In Australia, for example, the attack affected at least 1.7 million people. The Office of the Australian Information Commissioner (OAIC) conducted an investigation in cooperation with the Data Protection Commissioner of Ireland and the Office of the Privacy Commissioner of Canada pursuant to cross-border privacy and legal enforcement arrangements. On 9 June 2015 the Commissioner found that Adobe breached the Australian Privacy Act 1988 (Cth) (the Privacy Act) and failed to take reasonable steps to protect the personal information it held, stating that 'The Privacy Act does not require an organisation to design impenetrable systems, however, this case demonstrates the importance of organisations applying sufficiently robust security measures consistently across systems'.v As the breach occurred before the new privacy regime changes were brought into effect on 12 March 2014, the Commissioner's powers to resolve the investigation were limited to making recommendations and requesting Adobe to engage independent auditors to certify that it had implemented planned remediation, and to provide a copy of the certification and auditor's report. If the breach occurred after 12 March 2014, Adobe could have been fined up to $1.7 million and had further onerous and binding orders placed upon it.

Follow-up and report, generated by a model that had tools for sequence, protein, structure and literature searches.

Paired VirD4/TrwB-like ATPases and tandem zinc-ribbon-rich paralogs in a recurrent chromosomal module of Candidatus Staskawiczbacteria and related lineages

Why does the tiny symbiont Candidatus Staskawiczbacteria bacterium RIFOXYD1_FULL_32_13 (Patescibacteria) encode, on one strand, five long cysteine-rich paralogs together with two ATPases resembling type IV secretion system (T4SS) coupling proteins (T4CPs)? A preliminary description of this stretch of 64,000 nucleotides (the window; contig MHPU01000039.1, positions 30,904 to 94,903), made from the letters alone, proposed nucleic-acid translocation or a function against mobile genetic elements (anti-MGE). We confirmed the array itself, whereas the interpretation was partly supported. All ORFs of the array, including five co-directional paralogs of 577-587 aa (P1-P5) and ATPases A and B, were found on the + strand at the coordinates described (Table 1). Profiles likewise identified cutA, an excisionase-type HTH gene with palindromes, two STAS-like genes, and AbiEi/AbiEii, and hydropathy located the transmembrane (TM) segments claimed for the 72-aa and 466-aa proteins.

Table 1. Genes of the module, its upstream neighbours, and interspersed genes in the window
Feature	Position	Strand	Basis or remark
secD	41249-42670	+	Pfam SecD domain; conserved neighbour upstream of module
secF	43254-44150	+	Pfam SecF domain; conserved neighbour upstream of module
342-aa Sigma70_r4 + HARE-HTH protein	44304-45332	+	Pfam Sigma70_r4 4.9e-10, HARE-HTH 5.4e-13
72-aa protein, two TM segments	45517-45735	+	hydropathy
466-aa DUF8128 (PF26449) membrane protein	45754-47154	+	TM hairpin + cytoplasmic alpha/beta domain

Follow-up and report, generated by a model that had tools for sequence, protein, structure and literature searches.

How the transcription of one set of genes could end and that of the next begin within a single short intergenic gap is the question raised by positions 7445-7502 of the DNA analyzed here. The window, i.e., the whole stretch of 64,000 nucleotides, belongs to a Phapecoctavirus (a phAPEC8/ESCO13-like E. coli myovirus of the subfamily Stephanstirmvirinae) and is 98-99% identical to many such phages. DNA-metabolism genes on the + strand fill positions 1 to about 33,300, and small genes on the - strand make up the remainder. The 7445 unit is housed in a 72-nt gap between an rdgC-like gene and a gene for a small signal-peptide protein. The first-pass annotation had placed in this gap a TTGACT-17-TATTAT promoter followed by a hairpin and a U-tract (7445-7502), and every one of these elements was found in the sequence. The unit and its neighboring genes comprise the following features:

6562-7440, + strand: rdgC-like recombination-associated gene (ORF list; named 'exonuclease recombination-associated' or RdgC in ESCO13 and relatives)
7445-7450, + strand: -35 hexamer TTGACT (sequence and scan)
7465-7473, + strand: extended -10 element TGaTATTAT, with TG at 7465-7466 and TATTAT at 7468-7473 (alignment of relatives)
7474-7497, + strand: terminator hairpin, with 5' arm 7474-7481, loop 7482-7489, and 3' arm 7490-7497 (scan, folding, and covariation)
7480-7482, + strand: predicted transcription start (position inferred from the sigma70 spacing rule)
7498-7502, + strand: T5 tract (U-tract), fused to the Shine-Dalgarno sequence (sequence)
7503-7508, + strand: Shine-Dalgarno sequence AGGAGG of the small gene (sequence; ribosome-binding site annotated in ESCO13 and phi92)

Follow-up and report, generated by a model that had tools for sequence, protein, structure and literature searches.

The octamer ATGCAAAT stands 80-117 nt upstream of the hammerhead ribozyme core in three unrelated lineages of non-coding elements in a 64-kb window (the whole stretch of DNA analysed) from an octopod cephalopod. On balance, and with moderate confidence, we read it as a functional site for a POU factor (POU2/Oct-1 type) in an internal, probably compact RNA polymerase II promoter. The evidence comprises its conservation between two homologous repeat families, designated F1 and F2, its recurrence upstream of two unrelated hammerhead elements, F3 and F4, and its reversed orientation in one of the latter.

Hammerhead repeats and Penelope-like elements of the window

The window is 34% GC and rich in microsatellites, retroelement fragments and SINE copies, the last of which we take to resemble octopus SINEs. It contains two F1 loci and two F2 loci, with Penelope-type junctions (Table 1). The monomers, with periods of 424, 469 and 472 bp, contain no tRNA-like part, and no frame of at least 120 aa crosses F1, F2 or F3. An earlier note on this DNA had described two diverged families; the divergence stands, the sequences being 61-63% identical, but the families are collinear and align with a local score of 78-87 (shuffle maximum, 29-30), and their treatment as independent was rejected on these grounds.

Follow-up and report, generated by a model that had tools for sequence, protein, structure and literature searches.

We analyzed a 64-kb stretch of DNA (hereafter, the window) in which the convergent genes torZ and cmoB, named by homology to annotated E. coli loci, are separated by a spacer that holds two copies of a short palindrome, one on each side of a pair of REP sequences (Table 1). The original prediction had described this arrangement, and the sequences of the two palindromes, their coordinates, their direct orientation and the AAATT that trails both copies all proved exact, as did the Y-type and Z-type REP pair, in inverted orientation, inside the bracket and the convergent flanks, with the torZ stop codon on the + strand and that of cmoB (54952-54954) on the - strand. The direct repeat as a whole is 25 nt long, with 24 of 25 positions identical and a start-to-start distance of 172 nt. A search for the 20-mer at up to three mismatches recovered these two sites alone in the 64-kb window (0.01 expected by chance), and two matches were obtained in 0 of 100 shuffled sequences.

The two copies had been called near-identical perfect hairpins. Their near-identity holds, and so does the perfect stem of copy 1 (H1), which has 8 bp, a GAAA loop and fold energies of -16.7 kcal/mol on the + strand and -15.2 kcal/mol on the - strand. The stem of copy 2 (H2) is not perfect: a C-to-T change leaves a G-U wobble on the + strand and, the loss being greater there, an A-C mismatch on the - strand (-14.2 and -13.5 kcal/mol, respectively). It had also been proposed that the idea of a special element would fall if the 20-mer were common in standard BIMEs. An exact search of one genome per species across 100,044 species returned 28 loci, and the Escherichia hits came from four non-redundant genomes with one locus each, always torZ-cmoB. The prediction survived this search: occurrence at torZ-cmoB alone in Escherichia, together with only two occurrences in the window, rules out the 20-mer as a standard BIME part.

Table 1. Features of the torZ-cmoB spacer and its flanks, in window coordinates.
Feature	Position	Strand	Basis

To give some idea of the Australian industries and organisations affected by cyber-attacks and the intersection of privacy law, it should be noted that the Commissioner has more recently finalised investigations into breach notifications by a number of Australian organisations, including Catch of the Day and Aussietravelcover, and is now conducting an own-motion investigation into a suspected data breach of iiNet subsidiary Westnet in which a cyber-attack had allegedly compromised the personal information of Westnet customers and which had been subsequently offered for sale online.